Expect AI to play a role on both sides of spam calls in 2024, posing a threat in nefarious hands but offering a solution in the right ones.


What to Do If Scammed by a RoboCall

Paired with various government-sponsored mitigation efforts: several apps and other tools attempt to warn those most susceptible to falling victim to scam calls and texts.

According to TrueCaller–an app that helps its users reduce their risk of scams–as many as 68 million Americans, or 26%, report having lost money from phone scams. And as many as 1 in 3 Americans, or 33%, report falling victim to phone scams–while 20% report falling victim more than once.

TrueCaller in its report, noted after being scammed, folks did take measures to ensure it did not happen again. Most people downloaded a spam blocker/caller ID app, while others canceled credit card(s), charged, checked phone bills, and contacted mobile carriers.

There is plenty more one can do: such as reporting that number to the Federal Trade Commission FTC (and) placing yourself on the "do not call" list. These measures, while simple, may help to reduce your risk of being contacted again.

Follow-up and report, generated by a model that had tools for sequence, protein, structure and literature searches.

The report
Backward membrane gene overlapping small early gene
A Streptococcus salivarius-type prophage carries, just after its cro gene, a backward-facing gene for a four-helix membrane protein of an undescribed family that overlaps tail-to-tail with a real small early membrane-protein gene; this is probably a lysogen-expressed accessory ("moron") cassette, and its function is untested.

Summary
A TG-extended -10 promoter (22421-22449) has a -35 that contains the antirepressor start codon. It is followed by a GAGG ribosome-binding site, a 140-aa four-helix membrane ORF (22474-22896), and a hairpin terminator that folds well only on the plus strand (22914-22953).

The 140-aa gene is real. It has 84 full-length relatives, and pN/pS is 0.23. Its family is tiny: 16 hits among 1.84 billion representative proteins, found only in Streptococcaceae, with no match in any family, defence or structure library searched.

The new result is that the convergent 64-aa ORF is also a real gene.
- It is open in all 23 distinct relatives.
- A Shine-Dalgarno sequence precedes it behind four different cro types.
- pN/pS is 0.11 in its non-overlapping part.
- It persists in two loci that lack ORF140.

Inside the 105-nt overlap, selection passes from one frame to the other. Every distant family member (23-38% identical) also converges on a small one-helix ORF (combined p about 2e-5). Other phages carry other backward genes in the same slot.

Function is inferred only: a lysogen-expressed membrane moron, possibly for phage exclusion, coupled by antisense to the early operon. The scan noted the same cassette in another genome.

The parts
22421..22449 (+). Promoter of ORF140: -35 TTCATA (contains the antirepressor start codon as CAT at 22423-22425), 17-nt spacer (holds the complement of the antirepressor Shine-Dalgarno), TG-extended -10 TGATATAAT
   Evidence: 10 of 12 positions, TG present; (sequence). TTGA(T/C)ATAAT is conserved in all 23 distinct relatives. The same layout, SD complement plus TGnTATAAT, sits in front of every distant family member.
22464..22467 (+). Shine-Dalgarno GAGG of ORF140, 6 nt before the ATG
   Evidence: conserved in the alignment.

While they do not 100% reduce that risk, the chances are far slimmer of being contacted by the same bad actor after doing so. Most importantly, don't give scammers the satisfaction–ensure you hang up or don't even answer these kinds of calls, something that becomes simpler with the aid of some of the apps listed below. 

Finally, other apps, similar to TureCaller can do wonders; and can alarm you of the probability of a scam. Whosecall, Hiya, Call Control, Eyecon, Drupe, and Should I Answer: all attempt to pull off this feat; and are mostly free. For more advanced features in the apps you likely need a subscription–but for simple spam identification, well, those are primarily free capabilities. 

With scammers becoming more creative: it's best to stop it before it becomes a possibility (of being) scammed. So downloading such an app can do wonders, especially if you have elderly parents or (if you have) family members who merely feel more susceptible to getting scammed; become solid tools in a toolbox designed for combating robocalls.